Perpetua and her companions, * in all histories, hold a distinguished place. The history of their
martyrdom not only bears throughout the stamp of circumstantial truth, but abounds with the
most exquisite touches of natural feeling and affection. Here we see the beautiful combination of
the tenderest feelings and the strongest affections, which Christianity recognises in all their
rights, and makes even more profound and tender, but yet causes all to be sacrificed on the
altar of entire devotedness to Him who died entirely devoted to us. "Who loved me," as
appropriating faith says, "and gave Himself for me." ([[48.2.20|Gal 2:20]] )
At Carthage, in the year 202, * three young men, * Revocatus, Saturnius, and Secundulus, and
two young women, Perpetua and Felicitas, were arrested, all of them being still catechumens, or
candidates for baptism and communion. Perpetua was of a good family, wealthy and noble, of
liberal education, and honourably married. She was about twenty-two years of age, and was a
mother, with her child at the breast. Her whole family seem to have been Christians except her
aged father who was still a pagan. Nothing is said of her husband. Her father was passionately
fond of her, and greatly dreaded the disgrace that her sufferings for Christ would bring on his
family. So that she had not only death in its most frightful form to struggle with, but every sacred
tie of nature.
When she was first brought before her persecutors, her aged father came and urged her to
recant and say she was not a Christian. "Father," she calmly replied, pointing to a vessel that lay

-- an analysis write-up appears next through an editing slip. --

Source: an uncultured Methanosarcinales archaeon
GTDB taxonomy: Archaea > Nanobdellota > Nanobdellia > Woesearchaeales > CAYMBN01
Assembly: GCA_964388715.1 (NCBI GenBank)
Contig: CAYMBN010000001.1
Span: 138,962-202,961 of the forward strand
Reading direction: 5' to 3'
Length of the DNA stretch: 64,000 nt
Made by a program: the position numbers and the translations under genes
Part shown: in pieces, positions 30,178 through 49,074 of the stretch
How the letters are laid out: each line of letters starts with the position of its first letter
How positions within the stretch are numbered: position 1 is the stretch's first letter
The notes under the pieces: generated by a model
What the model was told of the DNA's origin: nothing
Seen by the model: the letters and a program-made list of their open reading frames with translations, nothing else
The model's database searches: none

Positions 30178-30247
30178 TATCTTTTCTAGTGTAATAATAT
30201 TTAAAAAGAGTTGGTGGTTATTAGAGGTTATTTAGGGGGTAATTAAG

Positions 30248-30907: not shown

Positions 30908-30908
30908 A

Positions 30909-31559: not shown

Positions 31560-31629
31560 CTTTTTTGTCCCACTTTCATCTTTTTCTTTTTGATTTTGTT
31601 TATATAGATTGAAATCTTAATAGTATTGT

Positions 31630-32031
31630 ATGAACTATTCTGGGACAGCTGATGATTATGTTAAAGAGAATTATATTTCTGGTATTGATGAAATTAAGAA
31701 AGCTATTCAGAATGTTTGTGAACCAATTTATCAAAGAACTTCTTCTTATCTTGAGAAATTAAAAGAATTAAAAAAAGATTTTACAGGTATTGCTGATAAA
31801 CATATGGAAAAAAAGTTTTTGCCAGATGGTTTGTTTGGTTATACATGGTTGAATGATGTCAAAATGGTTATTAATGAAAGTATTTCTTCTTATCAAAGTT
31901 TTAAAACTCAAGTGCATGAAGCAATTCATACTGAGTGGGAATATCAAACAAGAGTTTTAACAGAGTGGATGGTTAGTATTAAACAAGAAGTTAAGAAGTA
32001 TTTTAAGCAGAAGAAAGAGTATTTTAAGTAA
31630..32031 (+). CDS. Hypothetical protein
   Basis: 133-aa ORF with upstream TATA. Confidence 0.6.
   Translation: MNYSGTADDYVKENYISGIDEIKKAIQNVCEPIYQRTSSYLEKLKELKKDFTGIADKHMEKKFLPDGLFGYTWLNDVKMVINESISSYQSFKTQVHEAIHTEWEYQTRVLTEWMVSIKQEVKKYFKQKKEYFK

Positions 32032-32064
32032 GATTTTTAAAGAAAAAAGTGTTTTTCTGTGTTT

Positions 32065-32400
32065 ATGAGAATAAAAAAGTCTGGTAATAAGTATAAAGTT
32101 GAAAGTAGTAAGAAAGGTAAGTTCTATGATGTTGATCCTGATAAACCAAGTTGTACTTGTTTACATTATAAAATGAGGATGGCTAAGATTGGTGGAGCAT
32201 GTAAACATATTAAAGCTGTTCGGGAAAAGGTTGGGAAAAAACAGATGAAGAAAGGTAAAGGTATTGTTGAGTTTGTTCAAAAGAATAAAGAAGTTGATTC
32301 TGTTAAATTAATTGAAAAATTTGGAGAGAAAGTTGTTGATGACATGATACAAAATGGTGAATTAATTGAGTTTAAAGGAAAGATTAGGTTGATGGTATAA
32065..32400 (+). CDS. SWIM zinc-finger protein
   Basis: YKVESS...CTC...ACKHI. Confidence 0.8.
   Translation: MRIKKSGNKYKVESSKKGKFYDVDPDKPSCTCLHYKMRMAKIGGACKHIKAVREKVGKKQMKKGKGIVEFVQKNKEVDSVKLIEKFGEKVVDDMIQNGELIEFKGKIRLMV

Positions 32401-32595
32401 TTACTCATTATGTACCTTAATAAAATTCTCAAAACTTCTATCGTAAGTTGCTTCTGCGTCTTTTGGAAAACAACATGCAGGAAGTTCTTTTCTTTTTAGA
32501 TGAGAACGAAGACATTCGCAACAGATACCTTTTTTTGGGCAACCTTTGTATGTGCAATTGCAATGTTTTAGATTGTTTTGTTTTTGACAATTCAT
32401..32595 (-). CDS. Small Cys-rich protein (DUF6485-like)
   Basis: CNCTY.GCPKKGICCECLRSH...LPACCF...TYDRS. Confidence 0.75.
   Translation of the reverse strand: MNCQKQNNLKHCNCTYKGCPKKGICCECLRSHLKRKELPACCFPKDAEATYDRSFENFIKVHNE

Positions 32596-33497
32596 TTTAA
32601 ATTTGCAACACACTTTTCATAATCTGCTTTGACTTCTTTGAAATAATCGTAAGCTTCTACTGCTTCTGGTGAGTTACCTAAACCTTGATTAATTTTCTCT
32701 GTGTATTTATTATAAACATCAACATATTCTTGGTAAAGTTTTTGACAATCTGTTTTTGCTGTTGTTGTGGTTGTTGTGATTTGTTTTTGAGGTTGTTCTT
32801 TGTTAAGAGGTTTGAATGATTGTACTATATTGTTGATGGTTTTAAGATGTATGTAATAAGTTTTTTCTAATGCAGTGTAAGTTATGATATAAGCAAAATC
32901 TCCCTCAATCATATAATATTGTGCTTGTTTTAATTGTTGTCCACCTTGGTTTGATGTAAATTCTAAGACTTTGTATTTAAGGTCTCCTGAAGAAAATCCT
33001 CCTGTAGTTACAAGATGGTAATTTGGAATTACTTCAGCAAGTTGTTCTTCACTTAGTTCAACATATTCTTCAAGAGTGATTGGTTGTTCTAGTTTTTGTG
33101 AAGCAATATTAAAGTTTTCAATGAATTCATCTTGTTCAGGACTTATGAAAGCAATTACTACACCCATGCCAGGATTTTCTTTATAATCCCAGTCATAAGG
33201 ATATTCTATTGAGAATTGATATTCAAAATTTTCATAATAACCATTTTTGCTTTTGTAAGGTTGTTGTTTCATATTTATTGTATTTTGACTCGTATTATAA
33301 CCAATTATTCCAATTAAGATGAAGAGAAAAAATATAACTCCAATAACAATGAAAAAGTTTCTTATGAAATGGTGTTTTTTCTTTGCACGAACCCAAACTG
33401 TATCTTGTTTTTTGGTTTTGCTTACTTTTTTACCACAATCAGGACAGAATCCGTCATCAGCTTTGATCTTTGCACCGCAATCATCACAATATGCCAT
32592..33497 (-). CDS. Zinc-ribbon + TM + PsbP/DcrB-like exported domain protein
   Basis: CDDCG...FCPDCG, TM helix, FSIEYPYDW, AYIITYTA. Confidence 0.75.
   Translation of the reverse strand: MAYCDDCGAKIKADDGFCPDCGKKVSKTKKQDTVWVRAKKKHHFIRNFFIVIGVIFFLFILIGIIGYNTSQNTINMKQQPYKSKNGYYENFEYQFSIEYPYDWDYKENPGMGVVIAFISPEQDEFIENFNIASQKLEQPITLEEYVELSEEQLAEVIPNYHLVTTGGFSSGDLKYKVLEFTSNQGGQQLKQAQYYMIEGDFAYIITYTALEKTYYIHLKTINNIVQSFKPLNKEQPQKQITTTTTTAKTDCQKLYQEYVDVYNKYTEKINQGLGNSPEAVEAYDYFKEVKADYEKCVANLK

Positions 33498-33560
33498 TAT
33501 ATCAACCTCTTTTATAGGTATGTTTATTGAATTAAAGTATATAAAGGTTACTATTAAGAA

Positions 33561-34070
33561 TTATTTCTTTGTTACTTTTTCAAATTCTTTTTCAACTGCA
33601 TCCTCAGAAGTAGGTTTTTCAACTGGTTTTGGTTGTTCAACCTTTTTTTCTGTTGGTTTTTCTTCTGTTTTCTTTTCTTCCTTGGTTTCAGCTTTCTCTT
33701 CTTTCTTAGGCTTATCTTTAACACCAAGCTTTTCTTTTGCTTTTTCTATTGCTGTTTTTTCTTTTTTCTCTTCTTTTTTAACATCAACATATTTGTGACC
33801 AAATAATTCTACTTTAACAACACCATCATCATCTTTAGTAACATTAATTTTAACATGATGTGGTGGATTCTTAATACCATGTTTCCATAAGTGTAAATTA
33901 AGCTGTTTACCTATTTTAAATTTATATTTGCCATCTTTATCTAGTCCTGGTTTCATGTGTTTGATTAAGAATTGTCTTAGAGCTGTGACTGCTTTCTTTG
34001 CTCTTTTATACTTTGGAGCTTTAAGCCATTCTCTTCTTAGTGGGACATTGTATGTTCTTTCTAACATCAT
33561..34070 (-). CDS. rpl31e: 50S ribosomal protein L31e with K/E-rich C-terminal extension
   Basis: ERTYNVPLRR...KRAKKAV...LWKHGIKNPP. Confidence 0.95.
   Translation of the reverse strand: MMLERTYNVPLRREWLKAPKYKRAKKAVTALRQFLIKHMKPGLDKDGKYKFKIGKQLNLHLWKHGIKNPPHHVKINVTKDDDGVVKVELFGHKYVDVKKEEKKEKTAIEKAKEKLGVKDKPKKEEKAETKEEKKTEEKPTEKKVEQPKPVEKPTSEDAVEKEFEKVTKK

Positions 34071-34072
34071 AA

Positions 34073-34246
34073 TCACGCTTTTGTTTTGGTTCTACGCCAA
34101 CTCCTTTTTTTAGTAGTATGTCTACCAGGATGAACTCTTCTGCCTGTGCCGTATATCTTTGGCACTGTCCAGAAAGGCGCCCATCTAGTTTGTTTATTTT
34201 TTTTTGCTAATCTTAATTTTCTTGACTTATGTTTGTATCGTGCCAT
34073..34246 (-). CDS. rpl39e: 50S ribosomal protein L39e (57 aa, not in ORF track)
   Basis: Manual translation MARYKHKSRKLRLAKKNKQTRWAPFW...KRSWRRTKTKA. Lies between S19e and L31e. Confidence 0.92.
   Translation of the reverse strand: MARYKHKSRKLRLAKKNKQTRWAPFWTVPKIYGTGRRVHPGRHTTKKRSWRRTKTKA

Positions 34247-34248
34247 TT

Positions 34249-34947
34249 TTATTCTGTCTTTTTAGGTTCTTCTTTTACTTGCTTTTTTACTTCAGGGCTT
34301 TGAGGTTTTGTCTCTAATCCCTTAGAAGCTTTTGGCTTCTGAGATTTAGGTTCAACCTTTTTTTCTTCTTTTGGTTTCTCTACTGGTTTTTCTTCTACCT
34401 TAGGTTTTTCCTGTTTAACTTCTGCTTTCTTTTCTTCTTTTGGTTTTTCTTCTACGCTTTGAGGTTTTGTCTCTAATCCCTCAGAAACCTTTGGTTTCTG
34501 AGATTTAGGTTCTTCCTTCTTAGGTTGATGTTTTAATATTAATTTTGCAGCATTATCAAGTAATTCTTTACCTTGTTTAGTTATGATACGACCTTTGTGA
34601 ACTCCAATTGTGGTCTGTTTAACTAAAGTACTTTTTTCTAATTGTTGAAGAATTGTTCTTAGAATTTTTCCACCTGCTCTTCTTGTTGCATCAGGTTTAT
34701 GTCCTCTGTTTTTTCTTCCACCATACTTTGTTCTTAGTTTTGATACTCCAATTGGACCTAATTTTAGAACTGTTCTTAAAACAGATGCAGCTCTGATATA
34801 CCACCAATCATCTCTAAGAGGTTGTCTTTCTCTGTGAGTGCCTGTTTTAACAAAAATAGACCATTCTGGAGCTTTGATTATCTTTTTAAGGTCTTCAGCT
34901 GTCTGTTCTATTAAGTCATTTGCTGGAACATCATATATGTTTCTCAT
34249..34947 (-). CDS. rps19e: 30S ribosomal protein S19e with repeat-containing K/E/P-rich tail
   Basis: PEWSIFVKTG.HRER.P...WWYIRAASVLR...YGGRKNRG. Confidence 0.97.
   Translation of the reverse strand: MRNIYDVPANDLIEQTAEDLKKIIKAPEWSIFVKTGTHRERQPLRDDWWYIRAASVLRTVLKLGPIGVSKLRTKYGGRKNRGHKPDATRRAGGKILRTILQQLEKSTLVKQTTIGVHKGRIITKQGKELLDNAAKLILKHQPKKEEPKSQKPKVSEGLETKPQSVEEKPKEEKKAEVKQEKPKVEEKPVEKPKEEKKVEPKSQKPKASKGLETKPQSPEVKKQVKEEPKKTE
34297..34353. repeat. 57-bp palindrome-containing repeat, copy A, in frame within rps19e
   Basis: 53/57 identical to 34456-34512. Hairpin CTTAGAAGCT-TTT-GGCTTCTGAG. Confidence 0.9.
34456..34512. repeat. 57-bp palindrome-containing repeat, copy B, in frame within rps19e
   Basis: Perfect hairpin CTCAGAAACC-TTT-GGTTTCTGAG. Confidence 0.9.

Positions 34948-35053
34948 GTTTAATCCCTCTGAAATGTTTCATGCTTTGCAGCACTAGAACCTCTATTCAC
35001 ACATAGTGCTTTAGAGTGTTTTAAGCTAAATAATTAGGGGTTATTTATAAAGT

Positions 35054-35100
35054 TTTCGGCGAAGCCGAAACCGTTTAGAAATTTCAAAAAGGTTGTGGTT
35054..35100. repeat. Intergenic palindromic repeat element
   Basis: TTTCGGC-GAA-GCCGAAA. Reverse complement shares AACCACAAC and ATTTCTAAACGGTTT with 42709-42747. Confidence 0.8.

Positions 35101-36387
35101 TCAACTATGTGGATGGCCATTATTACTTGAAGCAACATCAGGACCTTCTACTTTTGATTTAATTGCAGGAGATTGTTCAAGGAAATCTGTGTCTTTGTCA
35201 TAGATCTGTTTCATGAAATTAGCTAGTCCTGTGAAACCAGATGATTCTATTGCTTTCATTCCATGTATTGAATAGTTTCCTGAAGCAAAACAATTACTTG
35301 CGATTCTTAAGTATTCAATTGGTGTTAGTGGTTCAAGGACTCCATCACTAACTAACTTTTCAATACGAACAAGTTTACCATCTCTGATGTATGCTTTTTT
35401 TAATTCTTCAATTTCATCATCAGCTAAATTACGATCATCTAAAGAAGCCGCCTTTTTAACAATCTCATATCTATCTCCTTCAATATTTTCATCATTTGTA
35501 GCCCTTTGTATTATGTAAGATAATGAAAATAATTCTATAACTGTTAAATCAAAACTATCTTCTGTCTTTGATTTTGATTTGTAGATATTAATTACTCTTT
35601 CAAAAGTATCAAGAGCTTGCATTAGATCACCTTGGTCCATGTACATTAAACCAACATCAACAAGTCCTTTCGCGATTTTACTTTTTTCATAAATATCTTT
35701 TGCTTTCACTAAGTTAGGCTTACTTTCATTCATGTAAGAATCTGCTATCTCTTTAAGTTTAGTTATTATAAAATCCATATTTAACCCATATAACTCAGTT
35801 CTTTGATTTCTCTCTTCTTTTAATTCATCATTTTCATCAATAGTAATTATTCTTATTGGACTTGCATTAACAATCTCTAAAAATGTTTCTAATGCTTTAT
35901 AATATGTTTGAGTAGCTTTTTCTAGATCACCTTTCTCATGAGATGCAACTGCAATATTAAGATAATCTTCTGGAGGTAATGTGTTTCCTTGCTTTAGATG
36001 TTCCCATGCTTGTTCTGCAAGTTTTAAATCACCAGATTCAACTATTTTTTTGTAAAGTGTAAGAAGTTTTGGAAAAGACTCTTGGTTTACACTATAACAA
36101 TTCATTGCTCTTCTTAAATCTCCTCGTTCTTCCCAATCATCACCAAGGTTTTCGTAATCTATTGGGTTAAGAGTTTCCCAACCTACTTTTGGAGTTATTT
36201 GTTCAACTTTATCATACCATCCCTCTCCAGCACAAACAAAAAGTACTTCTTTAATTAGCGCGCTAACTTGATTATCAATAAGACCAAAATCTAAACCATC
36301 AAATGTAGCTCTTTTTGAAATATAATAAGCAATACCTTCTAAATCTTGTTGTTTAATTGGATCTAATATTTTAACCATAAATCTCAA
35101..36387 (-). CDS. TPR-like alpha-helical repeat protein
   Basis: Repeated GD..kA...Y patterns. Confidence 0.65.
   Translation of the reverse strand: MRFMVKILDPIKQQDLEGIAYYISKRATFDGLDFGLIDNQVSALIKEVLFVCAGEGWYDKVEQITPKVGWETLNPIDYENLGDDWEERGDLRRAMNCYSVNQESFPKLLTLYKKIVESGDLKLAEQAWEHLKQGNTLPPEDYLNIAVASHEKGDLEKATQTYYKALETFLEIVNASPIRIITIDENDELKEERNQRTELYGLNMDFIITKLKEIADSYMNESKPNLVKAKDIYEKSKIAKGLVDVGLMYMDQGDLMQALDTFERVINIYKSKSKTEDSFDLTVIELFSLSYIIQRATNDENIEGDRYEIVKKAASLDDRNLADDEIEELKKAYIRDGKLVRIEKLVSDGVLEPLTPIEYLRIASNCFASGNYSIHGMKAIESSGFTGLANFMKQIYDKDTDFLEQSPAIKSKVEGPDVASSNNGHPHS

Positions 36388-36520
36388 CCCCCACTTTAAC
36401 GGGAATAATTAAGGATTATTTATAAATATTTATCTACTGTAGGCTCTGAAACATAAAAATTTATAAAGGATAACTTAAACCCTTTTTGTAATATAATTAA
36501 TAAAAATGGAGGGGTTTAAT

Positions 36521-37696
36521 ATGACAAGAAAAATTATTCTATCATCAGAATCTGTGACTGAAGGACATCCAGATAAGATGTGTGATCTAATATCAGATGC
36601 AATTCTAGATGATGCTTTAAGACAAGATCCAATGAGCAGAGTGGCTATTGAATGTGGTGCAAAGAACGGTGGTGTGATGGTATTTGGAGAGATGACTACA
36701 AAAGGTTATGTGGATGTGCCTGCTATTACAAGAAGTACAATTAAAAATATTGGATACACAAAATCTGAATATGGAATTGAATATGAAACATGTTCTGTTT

on the ground, "can I call this vessel anything else than what it is?" "No," he replied. "Neither
can I say to you anything else than that I am a Christian." A few days after this the young
Christians were baptized. Though they were under guard, they were not yet committed to
prison. But shortly after this, they were thrown into the dungeon. "Then," she says, "I was
tempted, I was terrified, for I had never been in such darkness before. Oh what a dreadful day!
The excessive heat occasioned by the number of persons, the rough treatment of the soldiers,
and, finally, anxiety for my child, made me miserable." The deacons, however, succeeded in
purchasing for the christian prisoners a better apartment, where they were separated from the
common criminals. Such advantages could usually be purchased from the venal overseers of
prisons. Perpetua was now cheered by having her child brought to her. She placed it at her
breast, and exclaimed, "Now, this prison has become a palace to me!"
After a few days there was a rumour that the prisoners were to be examined. The father
hastened to his daughter in great distress of mind. "My daughter," he said, "pity my grey hairs,
pity thy father, if I am still worthy to be called thy father. If I have brought thee up to this bloom of
thy age, if I have preferred thee above all thy brothers, expose me not to such shame among
men. Look upon thy child thy son who, if thou diest, cannot long survive thee. Let thy lofty spirit
give way, lest thou plunge us all into ruin. For if thou diest thus, not one of us will ever have
courage again to speak a free word." Whilst saying this, he kissed her hands, threw himself at
her feet, entreating her with terms of endearment, and many tears. But, though greatly moved
and pained by the sight of her father, and his strong and tender affection for her, she was calm
and firm, and felt chiefly concerned for the good of his soul. "My father's grey hairs," she said,
"pained me, when I considered that he alone of my family would not rejoice in my martyrdom."
"What shall happen," she said to him, "when I come before the tribunal depends on the will of
God; for we stand not in our own strength, but only by the power of God."
On the arrival of the decisive hour * the last day of their trial * an immense multitude was
assembled. The aged father again appeared, that he might for the last time try his utmost to
overcome the resolution of his daughter. On this occasion he brought her infant son in his arms,